With 12 grams of sugar, 100 calories, one gram of fat, one gram protein, two grams of fiber, and no cholesterol, the Act II Popcorn Ball has roughly the same nutritional content as many holiday decorations, like a small Christmas wreath, a Christmas tree branch, or the mistletoe branch that is strategically placed directly above your waist.

Finally, because the Act II Popcorn Ball is made out of popcorn, it’s most likely that popcorn kernel parts will get stuck in between your teeth. If you’ve experienced this, you know that this is irritating like the other holiday annoyances: little old ladies cutting in the cashier line, finding parking at the shopping mall to do Christmas shopping, and making sure the shopping mall Santa doesn’t touch you improperly while taking a picture with him.

Item: Act II Popcorn Ball
Price: FREE
Purchased at: Given by co-worker
Rating: 3 out of 5
Pros: Best food to represent the holiday season. Low fat. Low sodium. Zero cholesterol. Two grams of fiber. Tears apart easily. Sugar makes it taste better. Sort of like kettle corn, but not as sweet.
Cons: Old popcorn consistency. Getting popcorn stuck in between your teeth. Receiving re-gifted gifts. Waiting in line for a women’s restroom stall. Waiting for a woman who is waiting for a women’s restroom stall. Any of The Santa Clause movies. Crying after finding out Santa isn’t real and also after your significant other breaks up with you and leaves you as an empty cold shell of a person.

REVIEW: Jiffy Pop Stove Top Butter Popcorn

Jiffy Pop Stove Top Butter Popcorn

Here at The Impulsive Buy we try to find the latest products to review, but reader Taikog suggested we go old school once in awhile. Following his suggestion, we thought about doing a review on Brylcreem, but decided to review the Jiffy Pop Stove Top Butter Popcorn instead, because it looked less oily.

The instructions for this popcorn were simple. Preheat the stove for 3 or 4 minutes at medium high heat. Then place the pan on the burner. When it starts to sizzle, continuously shake the pan in a back and forth motion until the foil is fully expanded. In about 2 to 5 minutes, the popcorn should be ready.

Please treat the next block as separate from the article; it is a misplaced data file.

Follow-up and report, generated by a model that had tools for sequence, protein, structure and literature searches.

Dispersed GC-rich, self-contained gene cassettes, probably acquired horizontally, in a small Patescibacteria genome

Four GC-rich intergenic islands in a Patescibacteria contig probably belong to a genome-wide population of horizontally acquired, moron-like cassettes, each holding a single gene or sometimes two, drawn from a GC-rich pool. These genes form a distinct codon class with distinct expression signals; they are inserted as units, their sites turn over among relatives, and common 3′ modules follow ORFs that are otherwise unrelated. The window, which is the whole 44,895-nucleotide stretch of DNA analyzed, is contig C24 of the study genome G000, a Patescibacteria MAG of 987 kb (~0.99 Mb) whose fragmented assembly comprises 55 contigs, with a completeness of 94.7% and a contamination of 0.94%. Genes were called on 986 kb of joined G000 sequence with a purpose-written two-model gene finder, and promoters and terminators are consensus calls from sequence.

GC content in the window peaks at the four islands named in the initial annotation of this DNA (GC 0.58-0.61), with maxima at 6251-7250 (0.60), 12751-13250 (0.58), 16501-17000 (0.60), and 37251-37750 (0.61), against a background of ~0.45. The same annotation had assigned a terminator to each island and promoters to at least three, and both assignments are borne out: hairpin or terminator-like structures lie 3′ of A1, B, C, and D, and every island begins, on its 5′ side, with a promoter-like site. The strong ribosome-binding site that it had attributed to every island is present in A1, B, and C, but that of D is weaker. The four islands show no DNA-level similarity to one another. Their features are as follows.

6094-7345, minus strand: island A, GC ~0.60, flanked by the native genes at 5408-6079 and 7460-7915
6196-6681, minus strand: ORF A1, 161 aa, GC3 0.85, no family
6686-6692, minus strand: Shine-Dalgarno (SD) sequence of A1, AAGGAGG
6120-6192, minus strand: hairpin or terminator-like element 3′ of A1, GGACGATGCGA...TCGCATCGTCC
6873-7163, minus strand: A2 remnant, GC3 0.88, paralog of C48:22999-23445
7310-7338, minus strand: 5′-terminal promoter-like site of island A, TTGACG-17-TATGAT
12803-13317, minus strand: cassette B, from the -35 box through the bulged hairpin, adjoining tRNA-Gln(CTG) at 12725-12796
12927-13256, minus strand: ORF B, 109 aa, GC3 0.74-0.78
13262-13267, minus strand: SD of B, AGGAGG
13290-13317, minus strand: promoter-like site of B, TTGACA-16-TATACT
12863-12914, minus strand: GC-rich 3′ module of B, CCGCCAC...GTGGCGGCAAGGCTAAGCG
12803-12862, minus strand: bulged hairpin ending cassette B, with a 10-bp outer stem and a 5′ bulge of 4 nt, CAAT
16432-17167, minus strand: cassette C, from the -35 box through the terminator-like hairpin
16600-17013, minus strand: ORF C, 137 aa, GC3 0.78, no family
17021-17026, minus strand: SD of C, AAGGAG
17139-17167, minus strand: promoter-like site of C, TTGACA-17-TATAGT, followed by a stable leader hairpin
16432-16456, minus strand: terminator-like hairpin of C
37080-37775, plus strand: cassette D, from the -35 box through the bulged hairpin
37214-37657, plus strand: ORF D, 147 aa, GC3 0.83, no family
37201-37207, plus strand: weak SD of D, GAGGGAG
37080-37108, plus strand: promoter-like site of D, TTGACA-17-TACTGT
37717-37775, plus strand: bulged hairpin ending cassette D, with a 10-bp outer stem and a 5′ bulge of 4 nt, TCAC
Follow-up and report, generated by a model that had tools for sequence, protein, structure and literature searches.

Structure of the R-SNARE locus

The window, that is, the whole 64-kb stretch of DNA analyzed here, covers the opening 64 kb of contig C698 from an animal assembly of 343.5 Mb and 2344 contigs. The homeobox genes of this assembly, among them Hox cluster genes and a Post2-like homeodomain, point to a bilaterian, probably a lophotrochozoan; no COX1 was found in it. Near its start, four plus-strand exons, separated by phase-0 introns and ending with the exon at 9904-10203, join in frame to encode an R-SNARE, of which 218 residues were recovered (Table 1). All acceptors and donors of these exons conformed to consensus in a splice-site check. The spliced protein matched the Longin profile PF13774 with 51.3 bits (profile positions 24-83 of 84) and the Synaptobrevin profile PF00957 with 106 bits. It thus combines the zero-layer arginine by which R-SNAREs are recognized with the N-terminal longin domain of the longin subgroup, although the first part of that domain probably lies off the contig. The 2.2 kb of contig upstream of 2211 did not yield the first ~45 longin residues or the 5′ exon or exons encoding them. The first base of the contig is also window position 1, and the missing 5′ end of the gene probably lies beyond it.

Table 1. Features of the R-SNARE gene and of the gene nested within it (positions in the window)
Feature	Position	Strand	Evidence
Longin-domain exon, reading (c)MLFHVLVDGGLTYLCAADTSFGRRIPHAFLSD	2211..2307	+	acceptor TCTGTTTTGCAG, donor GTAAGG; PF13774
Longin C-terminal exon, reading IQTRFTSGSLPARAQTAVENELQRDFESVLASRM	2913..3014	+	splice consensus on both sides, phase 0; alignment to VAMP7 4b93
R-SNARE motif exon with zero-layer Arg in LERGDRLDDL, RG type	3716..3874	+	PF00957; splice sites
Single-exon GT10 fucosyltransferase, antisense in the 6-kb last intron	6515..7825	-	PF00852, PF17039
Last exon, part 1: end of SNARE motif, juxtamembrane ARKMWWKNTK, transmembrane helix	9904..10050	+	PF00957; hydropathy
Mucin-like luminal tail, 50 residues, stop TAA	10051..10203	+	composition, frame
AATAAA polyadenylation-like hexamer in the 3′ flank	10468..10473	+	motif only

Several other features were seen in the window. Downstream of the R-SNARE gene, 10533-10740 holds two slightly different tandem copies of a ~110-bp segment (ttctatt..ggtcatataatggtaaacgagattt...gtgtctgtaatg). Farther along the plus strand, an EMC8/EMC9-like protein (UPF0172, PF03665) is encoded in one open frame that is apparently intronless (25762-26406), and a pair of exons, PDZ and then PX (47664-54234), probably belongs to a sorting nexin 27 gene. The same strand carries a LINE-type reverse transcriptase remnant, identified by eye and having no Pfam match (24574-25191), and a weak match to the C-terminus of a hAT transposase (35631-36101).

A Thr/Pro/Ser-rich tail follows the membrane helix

I was just about to start popping the popcorn, when I realized that I can’t shake it, unless there’s music playing or someone is putting money in the elastic band of my boxers. Since there weren’t any women around flashing dollar bills, I needed to find a soundtrack for my popcorn shaking.

After spending about 30 minutes looking through my iTunes library, I found the perfect song I could shake popcorn to. Some of you may have guessed the song already, Outkast’s “Hey Ya!”

With my popcorn shaking song on, I got down to making some popcorn. I put the pan on the preheated burner and waited for the sizzle. When it came, I began to shake the pan and my groove thang. A few moments later, the popcorn kernels started exploding and the foil started expanding. This went on for about a minute and then the exploding and expanding suddenly stopped.

Although when it stopped, I kept shaking the pan because Andre 3000’s voice had taken a hold of my soul.

Then about a minute later I began to smell burnt popcorn and I stopped shaking the pan and my ass. I took the pan off of the stove and opened the slightly expanded foil. A cloud of steam and a strong smell of burnt popcorn arose from out of the pan. The bottom of the pan was covered with burnt popped and unpopped kernels.

A few of the popped kernels survived and I ate them. They had a decent buttery taste and a nice crunch.

I don’t know what went wrong, but I have my theories. (1) The stove heat was too high. (2) I am the Grim Reaper of Food and I destroy everything I touch. (3) I picked the wrong song to shake it to.